The running joke on my campus was the college radio station, WRPI and the "whale music" they played. WRPI, like most college radio station, was an alternative music station. But this was before "alternative" meant "Rock Band that doesn't bathe." So they played folk, jazz, blues, noise, death metal and other music you wouldn't hear anywhere else. But all we knew was "whale music." I knew someone who worked at the station so in my sophomore year, I set out to teach them about good music and turn the station around. (Damn, I was arrogant.)
The staff at WRPI trained me on how to use the equipment, FCC laws and the station format (which was pretty loose as I look at it in hindsite). They put me on the air and I got my license to operate a radio station (you didn't need one to be a disk jockey, just to be the operator, now that's not even true). I got mine during a short stint where they weren't doing free one-year licenses for college stations. So I had to pay for mine, but it's mine for life. Two years later they changed their minds again and anyone who got their license the year before could get a refund and their license could be a free-one year license. I was ineligible. For three years I broadcast at WRPI. I acted as an assistant music director, music director and program director. My fourth year, I joined the hockey broadcast team. In hindsite, I was awful. I did not know how to be entertaining. I knew shit about hockey. What was I thinking?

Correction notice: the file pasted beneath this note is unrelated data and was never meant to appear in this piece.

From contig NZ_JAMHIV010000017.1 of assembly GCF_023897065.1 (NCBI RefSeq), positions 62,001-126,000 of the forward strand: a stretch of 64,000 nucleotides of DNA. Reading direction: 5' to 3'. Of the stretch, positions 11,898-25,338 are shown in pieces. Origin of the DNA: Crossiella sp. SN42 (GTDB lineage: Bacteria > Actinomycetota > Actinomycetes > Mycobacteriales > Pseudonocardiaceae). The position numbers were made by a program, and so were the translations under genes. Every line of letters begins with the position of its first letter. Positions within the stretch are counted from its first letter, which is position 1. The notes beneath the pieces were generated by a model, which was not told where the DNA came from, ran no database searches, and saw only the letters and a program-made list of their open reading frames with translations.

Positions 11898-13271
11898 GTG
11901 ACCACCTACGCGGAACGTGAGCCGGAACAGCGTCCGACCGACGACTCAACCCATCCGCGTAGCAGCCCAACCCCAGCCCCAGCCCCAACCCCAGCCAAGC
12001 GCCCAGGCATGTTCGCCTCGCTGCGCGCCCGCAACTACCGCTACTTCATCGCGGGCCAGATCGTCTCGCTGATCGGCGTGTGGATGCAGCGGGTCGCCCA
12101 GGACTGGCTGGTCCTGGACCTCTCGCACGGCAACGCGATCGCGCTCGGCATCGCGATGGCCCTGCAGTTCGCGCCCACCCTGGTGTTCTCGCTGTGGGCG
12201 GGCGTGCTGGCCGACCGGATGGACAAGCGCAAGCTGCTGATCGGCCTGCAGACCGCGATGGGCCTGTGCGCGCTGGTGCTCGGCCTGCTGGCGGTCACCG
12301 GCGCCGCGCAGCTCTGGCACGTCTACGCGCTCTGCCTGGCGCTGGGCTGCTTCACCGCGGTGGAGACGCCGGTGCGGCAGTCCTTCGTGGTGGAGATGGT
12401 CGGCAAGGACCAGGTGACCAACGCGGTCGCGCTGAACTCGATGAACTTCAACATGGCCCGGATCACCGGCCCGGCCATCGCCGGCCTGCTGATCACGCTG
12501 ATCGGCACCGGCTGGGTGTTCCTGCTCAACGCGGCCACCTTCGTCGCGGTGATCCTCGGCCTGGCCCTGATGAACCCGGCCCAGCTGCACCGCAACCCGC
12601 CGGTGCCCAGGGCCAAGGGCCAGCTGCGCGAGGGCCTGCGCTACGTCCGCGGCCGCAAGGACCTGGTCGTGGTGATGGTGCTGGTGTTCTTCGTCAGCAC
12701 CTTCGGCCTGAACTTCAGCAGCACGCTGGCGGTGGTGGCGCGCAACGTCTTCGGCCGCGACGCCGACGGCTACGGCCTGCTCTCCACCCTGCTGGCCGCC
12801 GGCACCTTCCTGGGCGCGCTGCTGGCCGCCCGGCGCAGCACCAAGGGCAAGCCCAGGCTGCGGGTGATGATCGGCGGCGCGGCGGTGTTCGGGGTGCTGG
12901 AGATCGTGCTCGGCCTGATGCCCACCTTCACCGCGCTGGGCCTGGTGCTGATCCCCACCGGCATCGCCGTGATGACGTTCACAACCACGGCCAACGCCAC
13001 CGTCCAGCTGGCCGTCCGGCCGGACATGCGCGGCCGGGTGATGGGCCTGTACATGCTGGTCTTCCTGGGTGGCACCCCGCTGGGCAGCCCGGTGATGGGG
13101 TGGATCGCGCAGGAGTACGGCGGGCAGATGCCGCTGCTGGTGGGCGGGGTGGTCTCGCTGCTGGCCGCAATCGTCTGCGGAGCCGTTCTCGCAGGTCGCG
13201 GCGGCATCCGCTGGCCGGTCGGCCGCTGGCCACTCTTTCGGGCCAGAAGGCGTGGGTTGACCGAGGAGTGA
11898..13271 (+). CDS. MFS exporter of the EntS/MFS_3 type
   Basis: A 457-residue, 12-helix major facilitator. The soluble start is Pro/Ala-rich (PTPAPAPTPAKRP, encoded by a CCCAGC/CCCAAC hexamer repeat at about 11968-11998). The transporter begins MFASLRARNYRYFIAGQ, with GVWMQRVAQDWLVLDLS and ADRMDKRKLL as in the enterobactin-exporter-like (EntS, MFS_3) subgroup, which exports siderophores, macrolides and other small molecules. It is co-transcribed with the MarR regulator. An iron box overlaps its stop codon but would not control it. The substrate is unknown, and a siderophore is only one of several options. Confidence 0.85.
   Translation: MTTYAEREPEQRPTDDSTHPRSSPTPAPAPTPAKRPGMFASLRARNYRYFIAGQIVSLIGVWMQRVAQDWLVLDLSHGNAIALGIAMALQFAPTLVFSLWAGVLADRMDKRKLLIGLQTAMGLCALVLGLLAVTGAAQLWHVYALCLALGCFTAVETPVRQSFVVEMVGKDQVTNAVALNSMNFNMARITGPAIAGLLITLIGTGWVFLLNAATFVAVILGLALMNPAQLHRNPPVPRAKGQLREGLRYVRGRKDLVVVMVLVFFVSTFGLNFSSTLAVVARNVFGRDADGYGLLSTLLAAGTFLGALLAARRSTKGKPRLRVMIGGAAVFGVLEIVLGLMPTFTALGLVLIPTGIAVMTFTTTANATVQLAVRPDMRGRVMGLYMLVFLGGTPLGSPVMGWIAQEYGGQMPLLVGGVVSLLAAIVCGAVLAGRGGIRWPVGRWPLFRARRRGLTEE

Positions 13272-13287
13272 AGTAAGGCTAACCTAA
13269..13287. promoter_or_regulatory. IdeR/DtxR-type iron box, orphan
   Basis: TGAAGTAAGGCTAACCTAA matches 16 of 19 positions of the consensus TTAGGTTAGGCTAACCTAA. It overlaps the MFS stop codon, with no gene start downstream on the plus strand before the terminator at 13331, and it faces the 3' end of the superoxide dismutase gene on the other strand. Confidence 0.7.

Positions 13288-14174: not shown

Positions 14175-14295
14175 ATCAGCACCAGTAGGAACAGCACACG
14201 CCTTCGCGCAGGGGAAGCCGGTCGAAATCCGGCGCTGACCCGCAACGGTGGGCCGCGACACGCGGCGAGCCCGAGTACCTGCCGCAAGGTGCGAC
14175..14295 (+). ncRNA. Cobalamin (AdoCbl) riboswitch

I was thinking, "I want to be a disc jockey." I had wanted to be a stand-up comedian or a disc jockey since I was in high school. I figured this was my chance. As fate would have it, a local station was looking for interns as I departed from my fourth year of college (without graduating). I didn't get the job but I had made up my mind to take time off from college and be a disc jockey.